Heat wave takes toll on paddy fields, rubber plantations

Abdul Rashid might not replant his padi field after it dried up. — Picture by R. Mahgeshan
Abdul Rashid might not replant his padi field after it dried up. — Picture by R. Mahgeshan

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KANGAR, March 21 — Padi growers and rubber planters here are worried about how they are going to put food on the table as the heatwave turns their land into a tinder box.

Padi farmer Abdul Rashid Man, 52, said he would normally have planted the seedlings in the fields by now, but his land was completely dried up as there had been no rain for more than a month. 

Last season, he managed to harvest about 12 tonnes of padi and earned more than RM15,000.

“I fear I may lose about 50 per cent of the yield in the next harvest. I am contemplating whether or not to replant or to give up re-planting for the next season.” said Rashid, who owns a large padi field in Kampung Gial Mata Air about 2km from Chuping

Roslan Jahaya, 41, who owns three acres of padi field, also expected a 50 per cent drop in yield if he replants for the next season. 

“I managed to harvest more than nine tonnes of padi during the last season and there will be a shortfall in the next season,” he said.

“I hope there will be rainfall early next month. I am planning to do odd jobs to get some income. I have to wait till July or August to plant padi again.”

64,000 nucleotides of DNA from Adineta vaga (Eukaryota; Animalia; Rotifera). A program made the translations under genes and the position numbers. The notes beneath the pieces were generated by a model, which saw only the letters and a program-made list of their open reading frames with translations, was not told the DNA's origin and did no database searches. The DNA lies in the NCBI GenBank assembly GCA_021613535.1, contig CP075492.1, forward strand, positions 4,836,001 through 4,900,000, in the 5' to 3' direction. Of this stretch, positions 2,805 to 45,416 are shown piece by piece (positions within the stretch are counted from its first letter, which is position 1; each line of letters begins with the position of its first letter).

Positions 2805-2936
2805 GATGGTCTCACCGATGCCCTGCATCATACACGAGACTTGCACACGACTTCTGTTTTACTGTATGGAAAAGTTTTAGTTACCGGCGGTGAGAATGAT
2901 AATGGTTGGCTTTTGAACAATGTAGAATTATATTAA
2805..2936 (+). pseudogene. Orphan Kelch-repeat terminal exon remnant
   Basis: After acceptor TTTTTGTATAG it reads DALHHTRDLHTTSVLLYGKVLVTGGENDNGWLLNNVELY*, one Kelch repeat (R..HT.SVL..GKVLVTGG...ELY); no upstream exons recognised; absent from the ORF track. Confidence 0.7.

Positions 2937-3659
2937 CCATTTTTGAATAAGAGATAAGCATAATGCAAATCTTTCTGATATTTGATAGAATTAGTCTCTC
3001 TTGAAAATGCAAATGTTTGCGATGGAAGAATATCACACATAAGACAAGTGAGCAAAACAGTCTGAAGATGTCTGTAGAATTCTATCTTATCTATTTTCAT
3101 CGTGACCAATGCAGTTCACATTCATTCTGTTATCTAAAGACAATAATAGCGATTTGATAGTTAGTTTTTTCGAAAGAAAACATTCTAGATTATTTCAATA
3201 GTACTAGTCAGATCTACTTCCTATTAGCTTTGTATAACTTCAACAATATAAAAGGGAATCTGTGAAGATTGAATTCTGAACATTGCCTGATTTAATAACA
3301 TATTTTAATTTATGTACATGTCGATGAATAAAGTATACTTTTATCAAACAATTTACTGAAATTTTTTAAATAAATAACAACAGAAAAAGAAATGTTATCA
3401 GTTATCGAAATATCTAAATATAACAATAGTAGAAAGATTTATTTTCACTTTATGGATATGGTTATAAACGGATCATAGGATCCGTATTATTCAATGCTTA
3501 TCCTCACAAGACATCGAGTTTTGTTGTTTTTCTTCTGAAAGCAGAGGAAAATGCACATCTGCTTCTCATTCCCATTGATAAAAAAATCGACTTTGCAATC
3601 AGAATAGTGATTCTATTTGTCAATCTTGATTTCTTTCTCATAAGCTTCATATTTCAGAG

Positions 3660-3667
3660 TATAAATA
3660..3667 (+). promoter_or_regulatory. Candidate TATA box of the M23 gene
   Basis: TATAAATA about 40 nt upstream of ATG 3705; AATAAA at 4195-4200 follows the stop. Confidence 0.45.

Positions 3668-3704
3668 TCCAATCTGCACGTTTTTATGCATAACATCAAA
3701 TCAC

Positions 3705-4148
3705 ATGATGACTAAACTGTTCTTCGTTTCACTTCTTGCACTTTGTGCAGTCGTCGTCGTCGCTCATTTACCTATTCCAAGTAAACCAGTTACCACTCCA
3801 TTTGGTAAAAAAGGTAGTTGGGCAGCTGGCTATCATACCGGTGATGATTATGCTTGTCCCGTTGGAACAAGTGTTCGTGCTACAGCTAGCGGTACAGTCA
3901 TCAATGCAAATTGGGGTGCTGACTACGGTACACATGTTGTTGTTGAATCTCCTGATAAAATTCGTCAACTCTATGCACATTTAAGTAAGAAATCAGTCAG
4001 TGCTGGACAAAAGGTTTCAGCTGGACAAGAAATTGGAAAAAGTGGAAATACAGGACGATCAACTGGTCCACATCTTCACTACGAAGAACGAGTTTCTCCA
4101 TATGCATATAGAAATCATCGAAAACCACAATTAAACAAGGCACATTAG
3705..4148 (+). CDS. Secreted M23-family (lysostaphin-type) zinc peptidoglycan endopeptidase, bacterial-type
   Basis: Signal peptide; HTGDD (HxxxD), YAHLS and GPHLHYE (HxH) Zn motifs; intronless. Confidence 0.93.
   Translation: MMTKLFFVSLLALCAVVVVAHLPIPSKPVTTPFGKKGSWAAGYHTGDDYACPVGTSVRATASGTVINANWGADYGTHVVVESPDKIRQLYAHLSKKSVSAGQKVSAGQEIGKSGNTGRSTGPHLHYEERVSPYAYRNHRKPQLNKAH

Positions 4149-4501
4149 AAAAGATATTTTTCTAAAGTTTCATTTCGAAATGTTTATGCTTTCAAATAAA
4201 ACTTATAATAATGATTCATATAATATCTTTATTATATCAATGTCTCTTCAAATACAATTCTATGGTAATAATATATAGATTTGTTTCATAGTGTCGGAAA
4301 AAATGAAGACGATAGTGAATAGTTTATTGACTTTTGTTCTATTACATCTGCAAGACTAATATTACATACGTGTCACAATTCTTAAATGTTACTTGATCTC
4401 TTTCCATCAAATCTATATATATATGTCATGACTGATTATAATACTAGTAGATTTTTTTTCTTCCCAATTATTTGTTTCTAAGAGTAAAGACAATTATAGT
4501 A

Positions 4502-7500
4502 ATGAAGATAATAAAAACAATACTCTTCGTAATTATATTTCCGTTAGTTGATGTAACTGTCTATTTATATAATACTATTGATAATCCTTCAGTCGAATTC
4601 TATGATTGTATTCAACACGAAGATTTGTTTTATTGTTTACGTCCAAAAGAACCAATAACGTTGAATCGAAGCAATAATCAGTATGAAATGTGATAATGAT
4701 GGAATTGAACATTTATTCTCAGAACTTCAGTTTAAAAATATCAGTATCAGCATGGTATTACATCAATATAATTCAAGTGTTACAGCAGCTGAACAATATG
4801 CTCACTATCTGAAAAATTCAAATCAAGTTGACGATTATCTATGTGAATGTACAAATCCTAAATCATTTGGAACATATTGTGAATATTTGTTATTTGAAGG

Mohamad Saufi Abdul Hamid, 27, said he was confident rain would come next month.

“I am taking a risk by tending to the field and preparing it for re-planting,” he said when met his padi field early yesterday morning.

Rubber tapper Kamaruddin Hamid, 37, said he experienced a 30 per cent drop in latex production from his rubber plantation in Gua Nangka here because of the prolonged dry spell.

“The heatwave has caused me more than RM2,000 in losses during the last two months,” he said. 

“Luckily, I do some part-time job at the sugar factory near Chuping.”

His friend, Ariffin Ahmad, 42, who has 0.2ha land, said that although production from rubber trees was not good, he had planted some cash crops like bananas and papayas to supplement his income.

“I am also hoping for rainfall and changes in the weather condition so that the yield of the cash crops will be good,” he said.

Villagers in the area were alerted of the equinox and had taken precautions.

A check by Malay Mail showed there were no incidents of people fainting or collapsing due to the extreme weather condition that had affected the state.   

Despite the extreme heat, however, a bird-singing contest was held in the area, which had attracted more than 30 participants.

“I come whenever there are competitions organised but today, there are fewer people. I guess it’s because it’s very hot,” said a  participant, Zamani Bakchik, 36, who entered his three “Merbah Jambul” birds.

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